HRT to treat symptoms of menopause

Menopause is an event that naturally occurs in all women from around the age of 40 onwards. It is characterised by the lack of periods and concurrent reduction of oestrogen and progesterone levels in the blood, which has a wide range of effects on the body.

How is menopause diagnosed?

Symptoms of menopause can include hot flushes, night sweats, joint aches and headaches, all of which can be particularly bothersome in day-to-day life. Menopause is typically diagnosed retrospectively based on the presence of these symptoms, the patient’s age and frequency of periods. However, the US Food and Drug Administration (FDA) has recently permitted the marketing of the first diagnostic kit that can identify patients who are entering their menopausal transition. The technology uses declining levels of anti-Müllerian hormone concentrations in the blood as a marker, thus allowing treatments to be administered promptly.[1]

What is the current treatment landscape for menopause?

Lifestyle changes such as healthy eating, reducing alcohol intake and regular exercise can sometimes help to alleviate menopausal symptoms. In some cases, hormone replacement therapy (HRT) may be prescribed to top-up oestrogen and/or progesterone levels, aiming to restore the hormonal balance. HRT for menopause is a key area of interest and has been the focus of recent major randomised controlled trials (RCTs).[2]

What do the experts say on HRT?

In theory (and in practice), HRT has the potential to reverse the symptoms of menopause. However, there have been some concerns on the side effects associated with this type of treatment. Although both the North American Menopause Society (NAMS)[3] and European Menopause and Andropause Society (EMAS)[4]  consider HRT to be the most effective treatment for vasomotor symptoms, genitourinary syndrome of menopause and preventing bone loss and fracture, they do highlight the risk of cardiovascular events, endometrial hyperplasia and certain cancers associated with HRT. To tip the benefit-risk balance in our favour, the appropriate dose, formulation and route of administration should be all individualised to the patient at treatment initiation and adapted throughout treatment where necessary. [2]

How is the field of HRT evolving?

Following the publication of initial findings from an RCT by the Women’s Health Institute (WHI) there were fears that HRT increases the risk of breast cancer and cardiovascular disease. As a result, the use of non-FDA-approved compounded hormone therapy in the US increased and FDA-approved hormone therapies declined.[5] However, subsequent detailed analyses showed that these fears were misrepresented and the risks were only applicable to a small subset of patients. Since then, it has been an upward battle to turn the field around and encourage HCPs and women to consider the evidence and opt for approved therapies, rather than taking non-approved compounded therapies with unknown risks.

The change is upon us, slowly but surely

The US has recently seen the approval of the first bioidentical combination HRT containing 17β-estradiol and progesterone (chemically-identical to those found in the body) for the treatment of moderate to severe vasomotor symptoms associated with menopause in women with a uterus. The REPLENISH trial demonstrated that the frequency and severity of vasomotor symptoms were significantly decreased with the combo therapy compared with placebo and no endometrial hyperplasia events were reported over the 12-month trial period.[6] This approval marks a milestone in the field of HRT and could be the turnaround needed to ensure women receive the most appropriate treatment for their menopause.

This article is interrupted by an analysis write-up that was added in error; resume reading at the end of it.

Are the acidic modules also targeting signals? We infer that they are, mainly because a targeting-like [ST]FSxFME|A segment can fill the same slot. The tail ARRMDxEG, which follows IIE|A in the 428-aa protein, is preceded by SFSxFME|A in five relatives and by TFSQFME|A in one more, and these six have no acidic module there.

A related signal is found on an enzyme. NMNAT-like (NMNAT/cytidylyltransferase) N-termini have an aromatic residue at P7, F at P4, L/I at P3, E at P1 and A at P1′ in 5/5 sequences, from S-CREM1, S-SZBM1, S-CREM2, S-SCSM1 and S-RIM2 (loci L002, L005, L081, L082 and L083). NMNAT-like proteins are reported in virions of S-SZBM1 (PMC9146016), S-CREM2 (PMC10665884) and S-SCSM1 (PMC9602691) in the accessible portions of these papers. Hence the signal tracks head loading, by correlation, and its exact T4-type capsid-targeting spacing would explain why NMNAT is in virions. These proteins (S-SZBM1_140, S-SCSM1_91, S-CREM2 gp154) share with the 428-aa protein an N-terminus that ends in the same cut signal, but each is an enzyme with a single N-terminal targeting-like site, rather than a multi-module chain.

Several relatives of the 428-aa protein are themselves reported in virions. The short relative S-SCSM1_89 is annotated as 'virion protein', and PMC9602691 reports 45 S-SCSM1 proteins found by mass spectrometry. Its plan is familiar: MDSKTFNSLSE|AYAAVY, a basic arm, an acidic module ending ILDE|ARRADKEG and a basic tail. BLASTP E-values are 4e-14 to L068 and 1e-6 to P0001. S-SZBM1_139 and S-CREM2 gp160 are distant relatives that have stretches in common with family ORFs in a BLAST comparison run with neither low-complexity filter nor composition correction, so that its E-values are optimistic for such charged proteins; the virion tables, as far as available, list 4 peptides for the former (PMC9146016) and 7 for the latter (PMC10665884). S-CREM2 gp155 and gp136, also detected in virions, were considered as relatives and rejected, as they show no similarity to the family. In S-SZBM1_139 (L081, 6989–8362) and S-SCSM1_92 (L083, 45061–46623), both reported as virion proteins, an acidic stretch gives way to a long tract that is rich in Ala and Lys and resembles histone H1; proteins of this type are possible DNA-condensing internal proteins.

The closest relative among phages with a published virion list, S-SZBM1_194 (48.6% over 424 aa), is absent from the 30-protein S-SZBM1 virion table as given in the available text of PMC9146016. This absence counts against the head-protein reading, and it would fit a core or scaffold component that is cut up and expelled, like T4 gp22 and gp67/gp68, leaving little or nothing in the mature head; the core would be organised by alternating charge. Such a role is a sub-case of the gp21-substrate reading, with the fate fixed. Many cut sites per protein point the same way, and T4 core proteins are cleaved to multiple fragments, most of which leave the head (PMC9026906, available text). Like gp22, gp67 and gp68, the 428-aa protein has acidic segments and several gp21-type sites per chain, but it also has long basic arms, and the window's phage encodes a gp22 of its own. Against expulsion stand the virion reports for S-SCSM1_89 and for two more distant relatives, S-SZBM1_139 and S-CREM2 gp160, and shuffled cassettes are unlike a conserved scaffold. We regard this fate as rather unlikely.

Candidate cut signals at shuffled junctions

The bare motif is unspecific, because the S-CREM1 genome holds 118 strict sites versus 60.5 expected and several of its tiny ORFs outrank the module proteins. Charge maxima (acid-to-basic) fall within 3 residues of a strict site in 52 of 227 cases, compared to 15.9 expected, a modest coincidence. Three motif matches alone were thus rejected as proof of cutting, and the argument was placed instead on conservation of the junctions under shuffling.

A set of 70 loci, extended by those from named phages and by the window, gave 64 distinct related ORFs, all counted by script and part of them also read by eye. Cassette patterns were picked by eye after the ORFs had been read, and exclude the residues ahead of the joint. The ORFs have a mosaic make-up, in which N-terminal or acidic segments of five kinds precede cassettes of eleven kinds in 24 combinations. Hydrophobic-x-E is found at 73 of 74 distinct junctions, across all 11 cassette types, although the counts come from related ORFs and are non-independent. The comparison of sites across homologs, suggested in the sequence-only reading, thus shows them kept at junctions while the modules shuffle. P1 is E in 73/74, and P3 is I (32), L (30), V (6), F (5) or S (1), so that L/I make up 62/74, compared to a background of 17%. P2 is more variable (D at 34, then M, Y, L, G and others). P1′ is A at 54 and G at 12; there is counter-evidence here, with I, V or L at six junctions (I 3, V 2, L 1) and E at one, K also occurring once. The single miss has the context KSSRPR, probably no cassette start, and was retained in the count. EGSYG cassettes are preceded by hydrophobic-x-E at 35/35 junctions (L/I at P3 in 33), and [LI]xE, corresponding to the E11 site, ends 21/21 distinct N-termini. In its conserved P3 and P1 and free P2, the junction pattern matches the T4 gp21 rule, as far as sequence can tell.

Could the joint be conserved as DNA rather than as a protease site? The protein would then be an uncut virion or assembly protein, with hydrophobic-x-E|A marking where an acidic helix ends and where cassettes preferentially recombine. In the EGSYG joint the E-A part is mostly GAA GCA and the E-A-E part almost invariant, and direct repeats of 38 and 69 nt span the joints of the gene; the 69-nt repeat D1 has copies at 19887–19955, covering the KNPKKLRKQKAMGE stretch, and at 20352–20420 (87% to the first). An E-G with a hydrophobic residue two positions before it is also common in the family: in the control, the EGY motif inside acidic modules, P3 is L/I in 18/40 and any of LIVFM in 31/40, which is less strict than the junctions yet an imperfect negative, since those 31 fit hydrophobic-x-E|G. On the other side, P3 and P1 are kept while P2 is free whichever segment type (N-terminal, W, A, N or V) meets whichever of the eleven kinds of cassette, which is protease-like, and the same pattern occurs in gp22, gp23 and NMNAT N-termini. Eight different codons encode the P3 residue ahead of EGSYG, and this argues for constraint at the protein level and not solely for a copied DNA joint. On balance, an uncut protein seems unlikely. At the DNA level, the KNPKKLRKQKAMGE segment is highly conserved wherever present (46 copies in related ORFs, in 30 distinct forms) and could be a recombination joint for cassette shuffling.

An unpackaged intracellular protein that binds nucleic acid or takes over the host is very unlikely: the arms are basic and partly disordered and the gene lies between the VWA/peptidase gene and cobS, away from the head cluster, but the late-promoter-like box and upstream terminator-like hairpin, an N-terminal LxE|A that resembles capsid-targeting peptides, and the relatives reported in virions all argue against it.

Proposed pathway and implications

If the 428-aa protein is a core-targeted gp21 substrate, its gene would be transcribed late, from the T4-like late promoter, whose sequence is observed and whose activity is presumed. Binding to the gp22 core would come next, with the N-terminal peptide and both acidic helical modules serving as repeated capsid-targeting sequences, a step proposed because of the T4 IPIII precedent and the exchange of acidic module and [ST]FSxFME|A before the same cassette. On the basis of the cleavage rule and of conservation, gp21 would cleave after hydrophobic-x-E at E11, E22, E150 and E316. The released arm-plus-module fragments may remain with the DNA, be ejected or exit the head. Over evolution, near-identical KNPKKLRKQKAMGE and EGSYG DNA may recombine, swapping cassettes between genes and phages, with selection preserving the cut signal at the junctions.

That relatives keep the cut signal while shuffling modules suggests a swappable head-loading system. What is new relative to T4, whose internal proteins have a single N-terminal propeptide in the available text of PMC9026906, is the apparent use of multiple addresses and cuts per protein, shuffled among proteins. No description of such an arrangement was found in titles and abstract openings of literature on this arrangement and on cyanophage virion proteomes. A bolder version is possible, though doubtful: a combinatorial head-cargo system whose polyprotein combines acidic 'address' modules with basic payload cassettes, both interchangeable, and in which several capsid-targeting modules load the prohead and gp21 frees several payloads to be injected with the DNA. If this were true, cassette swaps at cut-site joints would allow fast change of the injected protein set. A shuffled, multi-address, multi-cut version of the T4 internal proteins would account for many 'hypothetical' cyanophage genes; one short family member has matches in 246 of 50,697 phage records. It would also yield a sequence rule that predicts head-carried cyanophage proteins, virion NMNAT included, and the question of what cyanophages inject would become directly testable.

Based on the recent diagnostic testing and HRT approvals, could it be time to revisit the guidelines? What are the learnings from REPLENISH and other pivotal trials that can be applied to pipeline therapies? What else do we need to do to pull ourselves out of the shadows of the WHI trial? We will be at the COGI Congress to find out more! The congress will be held in London on 23rd-25th November and we will be sharing with you the latest expert opinions and discussions in a special session on “HRT: Where we came from. Where are we going?”. We will also be posting a number of other blogs before, during and after the Congress that will build on the latest clinical and real-world developments in Women’s Health. So stay tuned for more!

 


Sources:

[1] US FDA. https://www.fda.gov/NewsEvents/Newsroom/PressAnnouncements/ucm624284.htm [Accessed October 2018].

[2] Woods NF and Utian W. Quality of life, menopause, and hormone therapy: an update and recommendations for future research. Menopause. 2018 Jul;25(7):713-720.

[3] The NAMS 2017 Hormone Therapy Position Statement Advisory Panel. The 2017 hormone therapy position statement of The North American Menopause Society. Menopause. 2017 Jul;24(7):728-753.

[4] Armeni E, Lambrinoudaki I, Ceausu I et al. Maintaining postreproductive health: A care pathway from the European Menopause and Andropause Society (EMAS). Maturitas. 2016 Jul;89:63-72.

[5] American College of Obstetricians and Gynecologists. Compounded bioidentical menopausal hormone therapy. Committee Opinion No. 532. Obstet Gynecol 2012;120:411–5.

[6] Lobo RA, Archer DF, Kagan R et al. A 17b-Estradiol–Progesterone Oral Capsule for Vasomotor Symptoms in Postmenopausal Women. Obstet Gynecol. 2018 Jul;132(1):161-170.